Although we come equipped with new knowledge and have made new connections with others across the sector, we do have anxieties and more questions about the state of higher education and our students during the time of global upheaval. The launch was one of the last events we actually attended in person. We are all working remotely and attempting to connect to our students with our online lectures. We are aware we are not the only ones. Thus, we are asking you to contribute to crowd-sourcing an array of the following to inform research, practice and policy in the area of widening access, student experience and progression in the light of Covid-19. Our goal is to bring together diverse perspectives, ensure all voices are heard, and start building a repository of ideas and solutions in response to current circumstances. 

Please add to the following Google document: https://tinyurl.com/sk6jv5h  

Based on the resultant log of initiatives we are hoping to bring together researchers and practitioners in moderated discussions in the coming months to inform policy and practice.

Dr Manny Madriaga is a Senior Lecturer in Education Studies at the Sheffield Institute of Education, Sheffield Hallam University. He is a co-convenor of the Society for Research in Higher Education Student Access and Experience Network.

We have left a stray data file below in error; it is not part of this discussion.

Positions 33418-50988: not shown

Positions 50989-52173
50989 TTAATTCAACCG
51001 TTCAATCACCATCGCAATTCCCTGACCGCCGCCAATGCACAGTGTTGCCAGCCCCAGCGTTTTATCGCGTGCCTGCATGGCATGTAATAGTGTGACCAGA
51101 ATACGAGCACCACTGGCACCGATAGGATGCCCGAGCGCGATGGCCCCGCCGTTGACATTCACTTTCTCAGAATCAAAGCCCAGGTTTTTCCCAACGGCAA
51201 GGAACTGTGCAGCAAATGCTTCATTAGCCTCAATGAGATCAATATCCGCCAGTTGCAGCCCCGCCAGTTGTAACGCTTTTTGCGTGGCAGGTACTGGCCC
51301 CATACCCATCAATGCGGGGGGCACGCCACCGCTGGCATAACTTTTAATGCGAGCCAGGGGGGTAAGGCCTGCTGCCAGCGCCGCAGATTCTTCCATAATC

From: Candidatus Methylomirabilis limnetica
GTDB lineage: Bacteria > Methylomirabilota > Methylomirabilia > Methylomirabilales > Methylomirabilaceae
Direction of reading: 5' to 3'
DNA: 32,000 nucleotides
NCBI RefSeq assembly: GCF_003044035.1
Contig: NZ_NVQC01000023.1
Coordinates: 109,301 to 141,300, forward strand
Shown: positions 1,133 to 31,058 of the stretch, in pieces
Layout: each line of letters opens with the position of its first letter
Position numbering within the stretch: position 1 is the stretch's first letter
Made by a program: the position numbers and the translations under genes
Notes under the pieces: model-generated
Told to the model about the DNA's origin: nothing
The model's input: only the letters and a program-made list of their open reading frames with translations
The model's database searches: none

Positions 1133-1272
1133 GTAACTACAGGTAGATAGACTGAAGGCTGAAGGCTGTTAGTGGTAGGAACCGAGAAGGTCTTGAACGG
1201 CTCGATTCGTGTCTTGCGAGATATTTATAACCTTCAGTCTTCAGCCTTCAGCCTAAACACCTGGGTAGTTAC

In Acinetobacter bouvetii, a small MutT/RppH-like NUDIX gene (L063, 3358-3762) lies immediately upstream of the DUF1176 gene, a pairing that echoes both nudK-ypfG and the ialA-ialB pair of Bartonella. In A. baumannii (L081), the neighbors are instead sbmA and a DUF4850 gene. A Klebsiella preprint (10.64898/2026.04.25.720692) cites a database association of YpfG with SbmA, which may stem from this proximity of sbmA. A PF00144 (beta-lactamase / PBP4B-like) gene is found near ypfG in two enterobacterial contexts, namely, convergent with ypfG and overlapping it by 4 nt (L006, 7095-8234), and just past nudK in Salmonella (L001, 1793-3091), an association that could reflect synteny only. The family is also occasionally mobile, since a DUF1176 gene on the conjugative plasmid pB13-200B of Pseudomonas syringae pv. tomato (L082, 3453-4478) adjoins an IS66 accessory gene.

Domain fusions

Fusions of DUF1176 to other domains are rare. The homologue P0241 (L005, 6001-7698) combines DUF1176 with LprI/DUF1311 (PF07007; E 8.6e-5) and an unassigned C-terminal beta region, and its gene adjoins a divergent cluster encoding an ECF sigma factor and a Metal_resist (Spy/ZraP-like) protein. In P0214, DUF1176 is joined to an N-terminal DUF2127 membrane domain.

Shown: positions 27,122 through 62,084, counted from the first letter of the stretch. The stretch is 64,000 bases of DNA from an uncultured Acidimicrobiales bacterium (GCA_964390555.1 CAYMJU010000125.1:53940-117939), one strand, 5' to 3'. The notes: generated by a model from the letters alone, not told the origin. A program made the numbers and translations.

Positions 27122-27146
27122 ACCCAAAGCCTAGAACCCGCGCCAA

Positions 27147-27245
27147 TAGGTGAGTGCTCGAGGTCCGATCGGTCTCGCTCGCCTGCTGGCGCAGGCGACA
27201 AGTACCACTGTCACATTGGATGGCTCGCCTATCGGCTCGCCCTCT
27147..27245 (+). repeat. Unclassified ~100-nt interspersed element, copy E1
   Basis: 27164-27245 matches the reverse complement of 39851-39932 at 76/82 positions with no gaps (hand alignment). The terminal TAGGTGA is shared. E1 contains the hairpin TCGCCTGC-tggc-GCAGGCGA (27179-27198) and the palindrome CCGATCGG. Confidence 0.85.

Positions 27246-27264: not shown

1 Comment

Virtually inaccessible

by Dai O’Brien

With the current climate of everyone working from home, remote meetings and dashing to move all teaching and course materials online, there seem to be two schools of thought opening up in discussions on social media. One is a response of almost resentment and caution, a feeling of being rushed into something that most academics are not trained for and have no experience of. The other is a feeling of almost relief, a ‘finally!’ moment from those who are more willing or able to embrace the online teaching classroom and virtual meetings.

However, what neither of these two camps seems to engage with are the problems of access for deaf and disabled people. There seems to be an assumption from many that placing resources online magically makes them accessible to all, and that technology will solve all ills. I’m sure that many of us are quickly finding out that this isn’t necessarily the case. In this blog post I will focus on deaf access to this move online for academics working in HE, not only for teaching, but also for professional, collegiate matters.

Many of the insights of this blog post are from research I conducted as part of my SRHE Newer Researchers Prize funded project, The Spaces and Places of Deaf Academia (2017-2019). This project focused on the experiences of deaf academics working in HEIs in the UK, exploring their experiences of the workplace on both a physical and social level. While this research obviously was conducted before the current pandemic, there are useful lessons that can be taken from the findings which are worth bearing in mind during the current migration to online and remote working and teaching.